Shave dog…with dull shears. Photo says it all.
Eat dinner in living room on tailgate table we use at the football games. Realize how cool this eating arrangement is and accept that this may be how Lucie eats her first American meal.
11 pm: 1 Day to go
Beloved sands table and applies 2nd layer of varnish.
We are both too excited to sleep.
Day of Arrival
5 am: awake to the sound of beloved sanding table, then the fragrance of varnish.
Secretly haul copious amounts of trash to the church dumpster. Make mental note to increase offering this week.
Wipe down the walls, and wooden baseboard surfaces. More spiders in kitchen. Amazed that they survived the sanding process.
Mop floor. THREE TIMES.
Tie dog to banister. She is excitedly making every step I make, shedding short hair with each step.
Begin waxing wood floor. One glance at the clock is all it takes for me to realize that the rest of the house will NOT be ready. I am very discouraged. I am a bad American who can’t even keep a clean house.
Help 15-year-old daughter assemble scrapbook for Lucie and kindly suggest she actually cleans her room because Lucie may want to sleep in one of the two beds she has.
Begin the “cram and close” cleaning method. Instruct Jamie that Lucie is forbidden from entering the laundry room and shouldn’t open the closet either.
Leave for airport disappointed that I did not accomplish everything. Forget GPS unit.
We are all excited. Even though we realize the impossibility of perfection, we want everything to be “perfect” for Lucie. We aren’t a typical American family. We don’t watch a lot of television, hang our clothes out to dry on a line, and grow most of our own food. We sit down every single night to dinner as a family, hold hands and say the blessing.
We love her! Instantly. From the moment I see her my heart (and eyes) overflow with love. I can’t imagine the emotions she has felt leaving her family and traveling so far just to visit America. What a risk she has taken? I think about the other students, how nervous they must have been. None of these students knew each other. They aren’t from the same area. Their only commonality is their ability to speak the same language. I pray for these students and for the host families. I hope the hosts realize that they represent the United States of America and work as hard as I will to show her what is good about this country.
Once she settled into her new home (for the month of July) Lucie’s first US meal was homemade pizza and made-from-scratch chocolate chip cookies. Gooey, sweet and filled with love.
Welcome to America, Lucie!
Atlanta, like many towns in the US, has been suffering from unseasonably high temperatures. Earth-baking, livestock-killing, water-evaporating heat that became more dangerous by a non-stop wind that cracked the soil and seared our skin. We have suffered this summer, worried, fretted and some of us have prayed for relief from the oppressive heat.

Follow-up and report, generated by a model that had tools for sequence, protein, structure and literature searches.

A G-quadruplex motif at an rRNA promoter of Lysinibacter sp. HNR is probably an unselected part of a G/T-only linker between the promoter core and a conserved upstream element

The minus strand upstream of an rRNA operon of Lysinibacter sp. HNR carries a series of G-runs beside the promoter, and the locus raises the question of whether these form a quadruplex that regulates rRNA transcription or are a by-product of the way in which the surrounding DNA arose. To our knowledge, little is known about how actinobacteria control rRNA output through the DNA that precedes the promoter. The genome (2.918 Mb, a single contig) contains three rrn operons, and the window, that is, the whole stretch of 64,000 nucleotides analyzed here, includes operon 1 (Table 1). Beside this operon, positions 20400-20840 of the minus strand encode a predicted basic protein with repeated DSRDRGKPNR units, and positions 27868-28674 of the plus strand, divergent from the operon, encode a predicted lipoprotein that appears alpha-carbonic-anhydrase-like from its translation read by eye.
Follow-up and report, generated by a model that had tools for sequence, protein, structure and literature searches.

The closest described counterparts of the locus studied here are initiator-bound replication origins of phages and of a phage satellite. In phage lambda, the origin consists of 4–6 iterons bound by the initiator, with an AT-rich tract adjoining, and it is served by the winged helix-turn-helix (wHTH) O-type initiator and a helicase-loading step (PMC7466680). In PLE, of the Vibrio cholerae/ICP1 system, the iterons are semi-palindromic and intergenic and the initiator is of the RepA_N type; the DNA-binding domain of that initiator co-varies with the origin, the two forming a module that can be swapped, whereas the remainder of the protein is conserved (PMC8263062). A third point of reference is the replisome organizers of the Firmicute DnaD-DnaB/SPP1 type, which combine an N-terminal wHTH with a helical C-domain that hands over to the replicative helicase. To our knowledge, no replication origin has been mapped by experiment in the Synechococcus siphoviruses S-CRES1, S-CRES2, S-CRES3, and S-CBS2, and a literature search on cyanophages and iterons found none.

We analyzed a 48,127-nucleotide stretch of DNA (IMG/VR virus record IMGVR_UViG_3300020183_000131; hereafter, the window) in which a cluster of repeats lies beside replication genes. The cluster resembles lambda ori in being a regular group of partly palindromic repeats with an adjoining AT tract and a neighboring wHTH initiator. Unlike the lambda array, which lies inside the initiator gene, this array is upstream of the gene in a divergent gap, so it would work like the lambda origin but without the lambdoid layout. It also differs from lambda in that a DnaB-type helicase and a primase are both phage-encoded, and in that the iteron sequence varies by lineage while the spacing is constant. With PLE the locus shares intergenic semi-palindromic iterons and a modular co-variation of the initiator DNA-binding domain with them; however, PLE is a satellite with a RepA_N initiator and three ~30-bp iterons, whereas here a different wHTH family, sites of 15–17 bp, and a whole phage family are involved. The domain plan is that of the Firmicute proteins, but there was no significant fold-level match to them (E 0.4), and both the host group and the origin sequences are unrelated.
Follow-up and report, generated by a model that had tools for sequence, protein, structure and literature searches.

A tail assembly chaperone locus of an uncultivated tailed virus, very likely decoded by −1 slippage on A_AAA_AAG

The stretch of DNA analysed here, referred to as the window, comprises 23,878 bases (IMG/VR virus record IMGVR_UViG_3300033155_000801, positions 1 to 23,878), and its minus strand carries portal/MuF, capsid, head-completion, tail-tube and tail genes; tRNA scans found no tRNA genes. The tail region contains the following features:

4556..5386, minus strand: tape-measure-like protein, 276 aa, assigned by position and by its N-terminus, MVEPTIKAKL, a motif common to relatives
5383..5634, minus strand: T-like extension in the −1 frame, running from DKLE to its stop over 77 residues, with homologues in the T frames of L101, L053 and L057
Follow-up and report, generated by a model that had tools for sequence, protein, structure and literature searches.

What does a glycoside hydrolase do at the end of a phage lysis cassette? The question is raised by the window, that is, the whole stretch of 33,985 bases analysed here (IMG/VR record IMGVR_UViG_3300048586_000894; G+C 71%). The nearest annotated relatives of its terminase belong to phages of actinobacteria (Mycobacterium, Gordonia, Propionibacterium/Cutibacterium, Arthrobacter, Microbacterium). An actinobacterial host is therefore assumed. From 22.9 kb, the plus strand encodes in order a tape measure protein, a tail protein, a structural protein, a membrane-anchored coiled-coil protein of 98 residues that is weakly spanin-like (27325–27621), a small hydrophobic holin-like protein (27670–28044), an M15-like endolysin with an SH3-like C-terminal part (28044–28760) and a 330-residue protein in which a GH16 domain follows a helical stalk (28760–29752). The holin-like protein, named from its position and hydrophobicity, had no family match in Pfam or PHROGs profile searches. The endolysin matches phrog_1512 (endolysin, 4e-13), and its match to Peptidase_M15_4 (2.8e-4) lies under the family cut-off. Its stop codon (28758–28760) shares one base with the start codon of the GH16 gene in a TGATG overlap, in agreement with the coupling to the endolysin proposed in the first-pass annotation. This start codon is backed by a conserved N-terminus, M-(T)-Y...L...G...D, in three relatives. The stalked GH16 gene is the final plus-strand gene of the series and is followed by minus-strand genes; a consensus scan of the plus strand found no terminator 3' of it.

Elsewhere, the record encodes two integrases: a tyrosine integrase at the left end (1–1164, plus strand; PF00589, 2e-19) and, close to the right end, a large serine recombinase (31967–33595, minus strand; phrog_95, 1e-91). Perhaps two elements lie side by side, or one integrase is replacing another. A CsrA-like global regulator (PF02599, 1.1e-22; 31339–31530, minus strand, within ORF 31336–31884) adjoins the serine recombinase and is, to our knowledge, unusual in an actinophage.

Thus far in the growing season, Billy’s farm has been blessed with a bountiful harvest. Blessed with a plethora of beans, corn, and tomatoes ripening on the vine. Unfortunately, as the harvest approached, temperatures rose. Beans died on the vine, tomatoes turned white and burned beneath the sun, and, if the truth be told, Billy Albertson got a little nervous.
“That’s the last of the water,” he said with a sigh, referring to one of six rain barrels situated sporadically throughout his property. “And your maders need watering.”
Shrugging off his concern I said, “Don’t worry about my tomatoes. They’ll be fine.”
Meteorologists called for rain, but Mother Nature was bent on showing us who is boss. Not only did she withhold the rain, she cranked up the temps to a dangerous 106 degrees.
The corn curled and turned brown. Billy and I worried. No rain came.
“Bring on the rain,” Billy said as I stopped by to pick my tomatoes and check out the desiccation status of my corn.
Overhead the clouds were darkening and dipping lower, giving us hope. An hour later, heaven opened and gifted us with a downpour.
Like most children, I love mud puddles. Seeing a collection of water triggers something inside of me. I ride my bike through them, smiling at the splash…squish, tilting my head back as tiny droplets splash against my leg and stain my socks. This morning as the mud puddles in my yard began to disappear I took a stroll through my garden, smiling at the gift of glorious rain.
Though many may curse the rain for making their daily commute a bear, or ruining their planned activities, when I step outside I see that the earth is actually smiling. Tree frogs sing and birds bathe with wild abandon. Even immature tomatoes cling to drops of moisture, unwilling to release the moisture into the earth.
Rain. Blessed rain has finally arrived. Drops that replenished my red-neck rain reclamation system. Most parents will recognize the purple bucket. What once housed stuffed animals, now sits beneath the eve of the house and collects water.
When my grandmother was alive I remember her declaring the arrival of “dog days,” meaning the rainy season which arrives during the middle of summer. This season of hope is gifted to us, a treasure for weary gardeners that signal it’s time to rest up before fall planting.